He's been in "Charlie's Angels" and "Heist", but Sam Rockwell remains Hollywood's best kept secret. But all that's about to change, with his starring role as hit TV-producer-turned-hitman Chuck Barris in George Clooney's directorial debut "Confessions of a Dangerous Mind".
What was it like to research your role with Chuck Barris?
It was great. Chuck's a really warm guy. He's a very funny guy to hang out with, so I spent about two-and-a-half-months with him. He taped my lines and we hung out a lot and did dinner. He was really generous with himself and he was really sweet about hanging out. Chuck trusted George implicitly and George trusted me - so Chuck trusted me too.
What did you come away with?
As George says, we had to act as his defence attorney. We didn't want to know too much about the CIA stuff because we wanted to tell his story. We didn't want to be biased. We wanted to tell [scriptwriter] Charlie Kaufman's version of his story, too, which uses a little poetic licence.
How did it feel to have George Clooney working so hard to get you this role?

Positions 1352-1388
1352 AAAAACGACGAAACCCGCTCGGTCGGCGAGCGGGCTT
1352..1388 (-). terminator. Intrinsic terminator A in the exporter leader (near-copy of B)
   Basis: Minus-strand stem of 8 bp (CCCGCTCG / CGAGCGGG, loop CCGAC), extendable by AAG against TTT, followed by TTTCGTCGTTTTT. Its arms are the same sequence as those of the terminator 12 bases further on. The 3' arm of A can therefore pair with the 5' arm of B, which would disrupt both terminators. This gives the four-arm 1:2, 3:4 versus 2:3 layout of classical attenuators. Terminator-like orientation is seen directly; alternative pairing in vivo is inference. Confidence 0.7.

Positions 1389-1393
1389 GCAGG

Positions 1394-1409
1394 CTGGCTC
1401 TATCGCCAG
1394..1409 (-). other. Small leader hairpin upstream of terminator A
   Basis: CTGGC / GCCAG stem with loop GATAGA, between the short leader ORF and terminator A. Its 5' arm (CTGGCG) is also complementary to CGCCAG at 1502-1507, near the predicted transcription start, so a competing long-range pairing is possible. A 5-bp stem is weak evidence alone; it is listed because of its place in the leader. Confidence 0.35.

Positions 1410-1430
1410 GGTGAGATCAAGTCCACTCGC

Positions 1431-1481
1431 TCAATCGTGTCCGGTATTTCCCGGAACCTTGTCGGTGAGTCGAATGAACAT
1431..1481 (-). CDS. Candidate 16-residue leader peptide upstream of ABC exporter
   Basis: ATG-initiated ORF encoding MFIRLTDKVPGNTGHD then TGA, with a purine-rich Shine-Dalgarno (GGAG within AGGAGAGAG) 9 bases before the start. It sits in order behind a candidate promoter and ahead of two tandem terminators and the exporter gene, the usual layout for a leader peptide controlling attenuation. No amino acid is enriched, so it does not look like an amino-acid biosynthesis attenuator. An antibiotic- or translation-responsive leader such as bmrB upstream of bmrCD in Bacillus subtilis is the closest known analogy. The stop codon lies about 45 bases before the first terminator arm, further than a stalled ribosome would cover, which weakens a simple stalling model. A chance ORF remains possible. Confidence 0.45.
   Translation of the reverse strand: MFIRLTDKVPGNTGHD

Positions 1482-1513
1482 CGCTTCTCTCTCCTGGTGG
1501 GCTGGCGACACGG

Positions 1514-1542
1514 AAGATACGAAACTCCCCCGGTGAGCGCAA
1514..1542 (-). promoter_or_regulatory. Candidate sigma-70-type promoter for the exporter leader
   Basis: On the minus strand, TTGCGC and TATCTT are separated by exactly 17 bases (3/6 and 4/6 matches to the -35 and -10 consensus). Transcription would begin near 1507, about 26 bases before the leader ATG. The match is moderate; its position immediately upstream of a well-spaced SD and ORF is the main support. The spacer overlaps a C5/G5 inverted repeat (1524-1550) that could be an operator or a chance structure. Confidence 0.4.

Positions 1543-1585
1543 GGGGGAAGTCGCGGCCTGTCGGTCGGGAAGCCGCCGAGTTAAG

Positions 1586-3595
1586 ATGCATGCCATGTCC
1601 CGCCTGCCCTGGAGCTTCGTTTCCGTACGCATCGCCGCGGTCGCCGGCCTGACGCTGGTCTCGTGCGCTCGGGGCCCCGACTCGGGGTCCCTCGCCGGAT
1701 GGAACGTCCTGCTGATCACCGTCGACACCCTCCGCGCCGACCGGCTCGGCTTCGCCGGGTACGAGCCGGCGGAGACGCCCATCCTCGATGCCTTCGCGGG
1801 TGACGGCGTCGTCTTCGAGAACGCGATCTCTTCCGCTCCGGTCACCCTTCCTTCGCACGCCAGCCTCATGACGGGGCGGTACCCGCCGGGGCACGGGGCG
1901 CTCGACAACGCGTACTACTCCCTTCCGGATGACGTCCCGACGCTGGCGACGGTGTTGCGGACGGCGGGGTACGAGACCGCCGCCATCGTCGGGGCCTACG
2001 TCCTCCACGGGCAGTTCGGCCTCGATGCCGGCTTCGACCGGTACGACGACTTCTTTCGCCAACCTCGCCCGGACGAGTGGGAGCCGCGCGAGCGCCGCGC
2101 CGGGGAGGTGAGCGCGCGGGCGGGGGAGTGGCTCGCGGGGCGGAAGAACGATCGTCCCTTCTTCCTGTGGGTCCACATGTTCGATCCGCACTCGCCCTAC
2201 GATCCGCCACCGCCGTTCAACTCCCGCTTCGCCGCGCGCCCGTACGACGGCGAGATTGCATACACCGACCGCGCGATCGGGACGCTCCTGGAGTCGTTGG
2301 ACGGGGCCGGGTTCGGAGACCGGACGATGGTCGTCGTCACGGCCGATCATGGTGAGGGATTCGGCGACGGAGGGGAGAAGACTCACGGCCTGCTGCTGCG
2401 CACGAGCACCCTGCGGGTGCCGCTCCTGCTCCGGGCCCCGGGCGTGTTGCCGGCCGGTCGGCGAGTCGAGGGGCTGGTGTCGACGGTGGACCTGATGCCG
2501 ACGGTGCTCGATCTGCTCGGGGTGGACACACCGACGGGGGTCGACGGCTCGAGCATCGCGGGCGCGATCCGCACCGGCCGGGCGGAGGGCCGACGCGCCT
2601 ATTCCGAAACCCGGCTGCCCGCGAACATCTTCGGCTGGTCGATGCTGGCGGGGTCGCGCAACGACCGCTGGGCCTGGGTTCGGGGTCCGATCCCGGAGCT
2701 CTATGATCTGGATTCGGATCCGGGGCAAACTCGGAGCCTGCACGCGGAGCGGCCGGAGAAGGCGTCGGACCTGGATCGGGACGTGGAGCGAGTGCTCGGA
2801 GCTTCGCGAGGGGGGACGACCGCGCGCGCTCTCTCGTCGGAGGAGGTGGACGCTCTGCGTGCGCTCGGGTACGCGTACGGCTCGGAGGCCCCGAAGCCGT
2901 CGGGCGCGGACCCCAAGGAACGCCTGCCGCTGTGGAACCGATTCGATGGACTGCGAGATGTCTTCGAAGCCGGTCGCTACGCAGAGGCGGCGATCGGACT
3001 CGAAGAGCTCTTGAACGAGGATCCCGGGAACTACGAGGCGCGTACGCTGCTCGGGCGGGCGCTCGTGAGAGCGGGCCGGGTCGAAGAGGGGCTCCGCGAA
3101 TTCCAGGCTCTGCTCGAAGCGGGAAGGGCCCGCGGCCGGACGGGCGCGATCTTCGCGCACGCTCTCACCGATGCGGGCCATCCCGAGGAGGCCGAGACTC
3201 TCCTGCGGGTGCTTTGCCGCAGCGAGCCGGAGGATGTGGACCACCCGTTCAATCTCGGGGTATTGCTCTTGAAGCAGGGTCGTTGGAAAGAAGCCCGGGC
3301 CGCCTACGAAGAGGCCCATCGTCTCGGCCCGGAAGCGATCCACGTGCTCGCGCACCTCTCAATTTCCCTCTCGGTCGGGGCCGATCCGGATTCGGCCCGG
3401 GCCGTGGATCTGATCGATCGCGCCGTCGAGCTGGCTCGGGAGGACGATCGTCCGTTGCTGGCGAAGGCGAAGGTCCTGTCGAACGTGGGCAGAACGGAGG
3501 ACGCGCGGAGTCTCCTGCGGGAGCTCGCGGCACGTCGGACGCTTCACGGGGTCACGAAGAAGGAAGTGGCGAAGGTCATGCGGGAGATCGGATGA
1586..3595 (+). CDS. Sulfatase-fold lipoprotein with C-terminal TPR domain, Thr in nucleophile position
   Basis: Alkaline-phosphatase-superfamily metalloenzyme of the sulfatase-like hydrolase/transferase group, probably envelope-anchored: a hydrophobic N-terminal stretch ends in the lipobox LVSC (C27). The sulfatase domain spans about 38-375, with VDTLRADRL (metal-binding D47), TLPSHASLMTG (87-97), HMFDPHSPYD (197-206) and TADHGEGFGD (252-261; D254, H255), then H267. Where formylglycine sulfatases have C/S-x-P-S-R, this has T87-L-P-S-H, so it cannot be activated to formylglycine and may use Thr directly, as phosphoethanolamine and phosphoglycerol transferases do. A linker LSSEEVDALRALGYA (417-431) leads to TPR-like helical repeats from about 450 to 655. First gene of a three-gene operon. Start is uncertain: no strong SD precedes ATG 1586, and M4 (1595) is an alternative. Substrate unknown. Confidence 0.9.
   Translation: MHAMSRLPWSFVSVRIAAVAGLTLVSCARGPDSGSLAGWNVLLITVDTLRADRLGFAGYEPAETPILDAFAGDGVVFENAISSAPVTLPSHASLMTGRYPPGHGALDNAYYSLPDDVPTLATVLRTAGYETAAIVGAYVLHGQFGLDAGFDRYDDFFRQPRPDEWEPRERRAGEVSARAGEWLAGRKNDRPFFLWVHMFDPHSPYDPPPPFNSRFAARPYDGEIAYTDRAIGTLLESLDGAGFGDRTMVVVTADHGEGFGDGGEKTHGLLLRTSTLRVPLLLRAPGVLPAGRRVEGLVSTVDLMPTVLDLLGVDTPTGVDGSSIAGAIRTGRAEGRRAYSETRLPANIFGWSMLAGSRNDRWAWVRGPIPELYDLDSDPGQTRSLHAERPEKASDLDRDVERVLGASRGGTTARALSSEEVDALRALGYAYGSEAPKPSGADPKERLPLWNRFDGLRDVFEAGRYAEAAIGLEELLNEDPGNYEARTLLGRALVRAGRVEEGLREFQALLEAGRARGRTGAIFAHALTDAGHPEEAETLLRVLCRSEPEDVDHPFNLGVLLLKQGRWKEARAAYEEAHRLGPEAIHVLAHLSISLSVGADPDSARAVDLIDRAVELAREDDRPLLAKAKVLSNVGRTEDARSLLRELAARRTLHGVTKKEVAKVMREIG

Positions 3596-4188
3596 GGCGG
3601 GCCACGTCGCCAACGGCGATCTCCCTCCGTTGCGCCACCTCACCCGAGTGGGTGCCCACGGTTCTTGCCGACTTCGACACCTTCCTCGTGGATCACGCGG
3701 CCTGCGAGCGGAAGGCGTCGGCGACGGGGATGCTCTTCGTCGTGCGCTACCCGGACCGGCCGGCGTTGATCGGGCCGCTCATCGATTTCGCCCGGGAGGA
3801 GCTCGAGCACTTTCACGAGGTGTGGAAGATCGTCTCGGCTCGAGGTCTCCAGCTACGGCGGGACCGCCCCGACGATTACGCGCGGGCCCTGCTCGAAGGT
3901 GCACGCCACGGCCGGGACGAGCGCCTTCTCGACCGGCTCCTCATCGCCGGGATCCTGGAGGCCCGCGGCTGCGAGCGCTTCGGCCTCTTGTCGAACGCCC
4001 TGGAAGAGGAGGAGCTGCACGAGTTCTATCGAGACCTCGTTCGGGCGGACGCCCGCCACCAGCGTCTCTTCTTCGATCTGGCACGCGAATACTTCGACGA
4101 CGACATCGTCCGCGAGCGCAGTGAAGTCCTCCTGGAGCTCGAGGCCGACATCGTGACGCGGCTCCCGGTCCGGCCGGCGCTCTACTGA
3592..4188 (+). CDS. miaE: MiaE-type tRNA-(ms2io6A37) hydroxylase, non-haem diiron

It was kind of moving. It's amazing. It's rare in Hollywood that someone will bat for you in the way that George did, so I didn't want to disappoint him. It was a big thrill, though. I can't go on enough about what George did for me. It's pretty phenomenal.
What was George like as a boss?
He has a great generosity of spirit and he brings that to his work. He's very compassionate to all the actors on the set. He's really smart. He came in very well prepared and he didn't leave any rock unturned. He did his homework.
Chuck Barris has been accused of taking American television into the gutter. What do you think of television in the US today?
The Gong Show and The Dating Game were the seed for a lot of the reality shows today, but these shows now are much more mean-spirited. The Gong Show is a much more innocent kind of show. Although he did exploit people, I think it was a funner atmosphere. It was entertainment. The Gong Show was like a big party.